For a complete list of all the photo tours/workshops Jim conducts, go to his website: www.jimzuckerman.com.

Lavender photo tour -- France jJune 29 - July 5, 2021

I replaced the sky using Photoshop’s new Sky Replacement tool. 27

Student Showcase Each month, Jim features one student who took beautiful and inspiring images on one or more of his photography tours or workshops. It’s really fascinating how photographers see and compose such different images even though we may go to the same places. Everyone gets great photographs on Jim’s trips.

Sylvia Papachristou-Rourke, Montreal, Quebec, Canada Botswana photo tour, Photoshop Online Training, Next Level Online Photoshop Training, Travel Online Course.

© 2020 Sylvia Papachristou-Rourke



Student Showcase, continued

© 2020 Sylvia Papachristou-Rourke

29 29

Student Showcase, continued

© 2020 Sylvia Papachristou-Rourke



31 33 35


Student Showcase, continued

© 2020 Sylvia Papachristou-Rourke


31 33

POLAR BEARS from Ground Level! November 6 - 12, 2021



Sat. & Sun. May 8-9, 2021

Photoshop is a photographer’s best friend, and the creative possibilities are absolutely endless. In a personal and ‘homey’ environment (I have a very cool classroom setup in my home), I start at the beginning -- assuming you know nothing -- but I quickly get into layers, cutting and pasting, plug-ins, using ‘grunge’ textures, replacing backgrounds, using layer masks, blend modes, adding a moon, and a lot more. I promise to fill your head with so many great techniques that you won’t believe what you’ll be able to do. I go over each technique several times to make sure you understand and can remember it. Photoshop instructors approach teaching this program from different points of view. My approach is to be as expansive in my thinking as possible in creating unique, artistic, and compelling images. In addition to showing you how to use the various tools, pulldown menus, layers, and so on, I spend a lot of time giving you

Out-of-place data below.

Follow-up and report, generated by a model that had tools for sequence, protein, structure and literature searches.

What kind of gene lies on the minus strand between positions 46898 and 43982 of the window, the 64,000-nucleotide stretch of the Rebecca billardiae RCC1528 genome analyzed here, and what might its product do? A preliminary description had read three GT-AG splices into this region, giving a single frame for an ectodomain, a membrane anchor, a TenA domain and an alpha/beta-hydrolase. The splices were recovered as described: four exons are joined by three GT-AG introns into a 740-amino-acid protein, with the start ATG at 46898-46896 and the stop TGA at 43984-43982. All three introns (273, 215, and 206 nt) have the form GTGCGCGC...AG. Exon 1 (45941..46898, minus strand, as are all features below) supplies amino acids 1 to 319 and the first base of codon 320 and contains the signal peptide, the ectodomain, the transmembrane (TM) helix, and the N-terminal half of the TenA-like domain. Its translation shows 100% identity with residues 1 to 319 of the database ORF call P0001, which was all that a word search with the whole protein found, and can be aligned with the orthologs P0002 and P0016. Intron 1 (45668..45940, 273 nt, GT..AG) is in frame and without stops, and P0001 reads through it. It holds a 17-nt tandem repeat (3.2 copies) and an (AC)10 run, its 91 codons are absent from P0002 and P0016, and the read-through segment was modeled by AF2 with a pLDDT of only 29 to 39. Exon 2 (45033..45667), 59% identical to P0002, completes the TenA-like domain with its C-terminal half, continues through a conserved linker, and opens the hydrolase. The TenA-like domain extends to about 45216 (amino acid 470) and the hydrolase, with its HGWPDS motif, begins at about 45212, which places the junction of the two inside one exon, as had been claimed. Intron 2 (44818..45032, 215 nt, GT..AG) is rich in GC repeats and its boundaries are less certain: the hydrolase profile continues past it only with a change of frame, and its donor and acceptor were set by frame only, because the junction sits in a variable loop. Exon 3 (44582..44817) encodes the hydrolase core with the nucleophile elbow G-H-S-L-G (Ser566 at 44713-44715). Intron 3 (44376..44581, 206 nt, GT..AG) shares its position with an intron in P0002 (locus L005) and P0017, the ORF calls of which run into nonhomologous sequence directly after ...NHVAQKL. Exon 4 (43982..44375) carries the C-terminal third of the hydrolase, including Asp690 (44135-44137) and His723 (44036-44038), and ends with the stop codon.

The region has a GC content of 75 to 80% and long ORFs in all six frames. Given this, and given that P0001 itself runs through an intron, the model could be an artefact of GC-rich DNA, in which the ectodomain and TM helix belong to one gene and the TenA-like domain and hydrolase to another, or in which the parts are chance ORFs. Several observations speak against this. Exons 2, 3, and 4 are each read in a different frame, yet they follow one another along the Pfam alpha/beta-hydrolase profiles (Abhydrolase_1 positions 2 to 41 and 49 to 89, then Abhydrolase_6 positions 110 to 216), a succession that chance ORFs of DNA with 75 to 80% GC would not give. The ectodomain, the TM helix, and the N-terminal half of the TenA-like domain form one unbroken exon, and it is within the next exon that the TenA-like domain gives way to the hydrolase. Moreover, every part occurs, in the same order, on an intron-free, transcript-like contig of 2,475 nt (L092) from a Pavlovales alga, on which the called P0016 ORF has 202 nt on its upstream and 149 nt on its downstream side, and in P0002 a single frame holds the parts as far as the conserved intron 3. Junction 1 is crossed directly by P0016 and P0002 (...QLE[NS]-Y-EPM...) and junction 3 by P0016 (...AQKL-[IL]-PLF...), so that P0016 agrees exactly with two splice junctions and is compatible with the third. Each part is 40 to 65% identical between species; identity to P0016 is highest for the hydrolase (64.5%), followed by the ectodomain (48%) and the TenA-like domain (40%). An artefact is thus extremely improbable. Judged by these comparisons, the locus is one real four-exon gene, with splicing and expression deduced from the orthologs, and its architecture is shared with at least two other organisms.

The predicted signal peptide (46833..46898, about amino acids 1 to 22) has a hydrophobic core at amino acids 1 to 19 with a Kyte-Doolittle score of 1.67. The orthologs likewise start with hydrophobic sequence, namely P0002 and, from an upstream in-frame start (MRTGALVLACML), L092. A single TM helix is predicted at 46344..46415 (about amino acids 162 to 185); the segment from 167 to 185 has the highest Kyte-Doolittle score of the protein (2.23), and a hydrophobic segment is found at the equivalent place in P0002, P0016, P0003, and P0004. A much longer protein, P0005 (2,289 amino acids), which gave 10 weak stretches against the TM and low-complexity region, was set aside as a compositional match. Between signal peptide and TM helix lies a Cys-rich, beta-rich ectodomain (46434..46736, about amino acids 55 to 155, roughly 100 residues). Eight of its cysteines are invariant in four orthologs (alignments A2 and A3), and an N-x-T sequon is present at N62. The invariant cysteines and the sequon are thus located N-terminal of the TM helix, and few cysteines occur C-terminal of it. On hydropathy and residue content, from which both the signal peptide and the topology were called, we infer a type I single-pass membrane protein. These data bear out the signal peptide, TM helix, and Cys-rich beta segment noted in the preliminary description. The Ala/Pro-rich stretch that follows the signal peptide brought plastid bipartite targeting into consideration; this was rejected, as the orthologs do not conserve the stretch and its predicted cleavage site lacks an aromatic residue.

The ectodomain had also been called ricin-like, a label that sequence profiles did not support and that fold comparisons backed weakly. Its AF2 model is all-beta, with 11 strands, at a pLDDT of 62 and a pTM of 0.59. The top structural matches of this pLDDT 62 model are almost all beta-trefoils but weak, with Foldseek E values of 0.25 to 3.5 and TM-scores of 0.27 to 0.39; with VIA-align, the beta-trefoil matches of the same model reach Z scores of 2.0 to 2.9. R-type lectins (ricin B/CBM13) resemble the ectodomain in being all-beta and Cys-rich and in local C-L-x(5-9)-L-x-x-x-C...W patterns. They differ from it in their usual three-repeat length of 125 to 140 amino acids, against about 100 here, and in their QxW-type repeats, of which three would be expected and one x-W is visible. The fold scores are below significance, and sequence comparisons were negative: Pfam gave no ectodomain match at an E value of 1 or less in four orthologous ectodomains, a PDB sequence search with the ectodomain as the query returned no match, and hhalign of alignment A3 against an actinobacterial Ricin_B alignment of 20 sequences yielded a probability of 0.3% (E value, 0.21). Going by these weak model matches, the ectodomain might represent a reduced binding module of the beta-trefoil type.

creative ideas that will inspire you to produce amazing images with the pictures you’ve already taken. I live in the Nashville, Tennessee area, and if you fly into the airport (airport code BNA) I will pick you up. If you drive, I’ll give you my address and you can find my home on Mapquest or with a GPS. For the $450 fee, I include one dinner in my home (prepared by my wife who is an amazing cook and hostess) and two lunches, plus shuttling you back and forth from my home to your nearby hotel. Contact me if you would like to participate in the workshop and I will tell you how to sign up (photos@jimzuckerman.com). All you need is a laptop and a lot of your pictures. If you don’t have a laptop, I have two Mac Book Pro laptops I can loan out for the duration of the workshop. §